Loving by Jeff Nichols tells, in a moving film, full of modesty, the Mildred and Richard Loving’s combat against a law prohibiting interracial marriage.
Loving starts in the County of Caroline in Virginia. In Central Point, white, black and indian people live together, quite naturally. Mildred and Richard love each other and get married. But then, in Virginia: “The sparrow doesn’t marry the robin, that’s the law of God…” As she is Black and he is White, living together will land them in prison, then thake them in exile to Washington. To uphold their right to freely love each other, they will risk being arrested again before the Supreme Court of the United States is interested in their case.
Arrested and sentenced to jail
In America in 1958, the first rockets soar into the sky at 37 000 km/h, but sixteen states are opposed to Black and White people being married and live together. Mildred (Ruth Negga) and Richard (Joel Edgerton) are in love and the young woman is pregnant. They decide to get married in Washington and Richard is going to build their house on the field he just bought.
One night, the couple is arrested and sentenced to prison. Their lawyer obtains from the judge that the sentence be suspended on condition that the couple would leave the state of Virginia. Iving in Washigton, they are again arrested when they return to thei hometown for Rich’s mother, a midwife, to give birth to their first child, Sidney.
Letter to Robert Kennedy
In the early 60s, Blacks people are more and more mass demonstrating to demand their rights. Settled in Washington, Mildred consideres the situation of her couple as a violation of their civil rights and writes a letter to Bobby Kennedy, then Attorney General of the United States. Bobby Kennedy transmits the case to the American Civil Liberties Union that commissions a lawyer, Bernard Cohen (Nick Kroll), then a second to help.
To get things done, the couple returns to Virginia, at constant risk of being arrested again. Followed by the media, their combat lead them to the US Supreme Court.
In 1967, in a historical decision, the nine judges of the highest court opted unanimously against the decision of Virginia, effectively repealing the anti racial mixing laws at national level.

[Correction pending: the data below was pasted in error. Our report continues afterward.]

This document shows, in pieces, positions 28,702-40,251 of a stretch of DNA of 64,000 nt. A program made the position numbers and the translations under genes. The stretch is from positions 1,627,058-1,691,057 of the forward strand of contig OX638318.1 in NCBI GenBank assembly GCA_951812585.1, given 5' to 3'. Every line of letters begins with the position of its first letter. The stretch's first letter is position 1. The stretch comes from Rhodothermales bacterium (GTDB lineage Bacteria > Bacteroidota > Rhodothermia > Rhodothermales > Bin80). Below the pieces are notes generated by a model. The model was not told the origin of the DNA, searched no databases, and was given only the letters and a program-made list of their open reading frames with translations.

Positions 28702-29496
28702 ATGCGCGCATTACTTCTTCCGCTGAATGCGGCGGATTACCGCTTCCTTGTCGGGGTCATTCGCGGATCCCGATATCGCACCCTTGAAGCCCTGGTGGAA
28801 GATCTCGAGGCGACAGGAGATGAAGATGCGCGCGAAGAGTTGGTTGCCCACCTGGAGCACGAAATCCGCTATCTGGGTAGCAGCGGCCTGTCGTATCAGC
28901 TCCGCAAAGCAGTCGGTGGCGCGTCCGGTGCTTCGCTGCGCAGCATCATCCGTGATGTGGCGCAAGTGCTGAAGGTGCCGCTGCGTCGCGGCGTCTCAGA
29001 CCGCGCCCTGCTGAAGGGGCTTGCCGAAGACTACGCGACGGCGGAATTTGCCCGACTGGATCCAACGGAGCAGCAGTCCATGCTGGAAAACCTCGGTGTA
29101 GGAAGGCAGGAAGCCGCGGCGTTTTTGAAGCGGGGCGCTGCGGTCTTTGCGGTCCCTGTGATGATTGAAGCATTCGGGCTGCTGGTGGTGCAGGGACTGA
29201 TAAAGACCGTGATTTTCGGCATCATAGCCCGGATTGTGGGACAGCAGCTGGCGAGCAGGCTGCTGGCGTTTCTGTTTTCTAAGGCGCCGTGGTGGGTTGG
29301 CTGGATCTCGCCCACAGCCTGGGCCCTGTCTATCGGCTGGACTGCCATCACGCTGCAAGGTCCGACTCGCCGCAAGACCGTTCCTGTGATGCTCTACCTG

Staging focused of faces
Through a mixed couple’s long quest for love in freedom, Jeff Nichols tells a founding moment of modern America. The Loving v. Virginia judgment symbolizes the “right for all to love without distinction of origin”, a decision which amended the US Constitution.
Ideology and hatred are absent from Jeff Nichols‘ film, and the characters of the “Loving Story” never express their frustration violently.
Through the actors’ play, full of modesty and restraint, enriched by “talking” silences, with a staging focused on faces, an intense emotion springs from this intimate portrait of the daily life of humble and stoic Americans, whose wish is to live in peace in their hometown and raise their children in a safe environment.
Far from Hollywood codes, the director of Take Shelter (Grand Prize of the Critics’ Week in 2011), Mud (in Competition in 2012) and Midnight Special (in competition at Berlin) has the secret of strong scenes, with emotional synergy between them, without profusion of means or frills.
In her the first major role in a feature film, Ruth Negga, with large expressive eyes, is the first revelation of the 2016 Cannes Film Festival.
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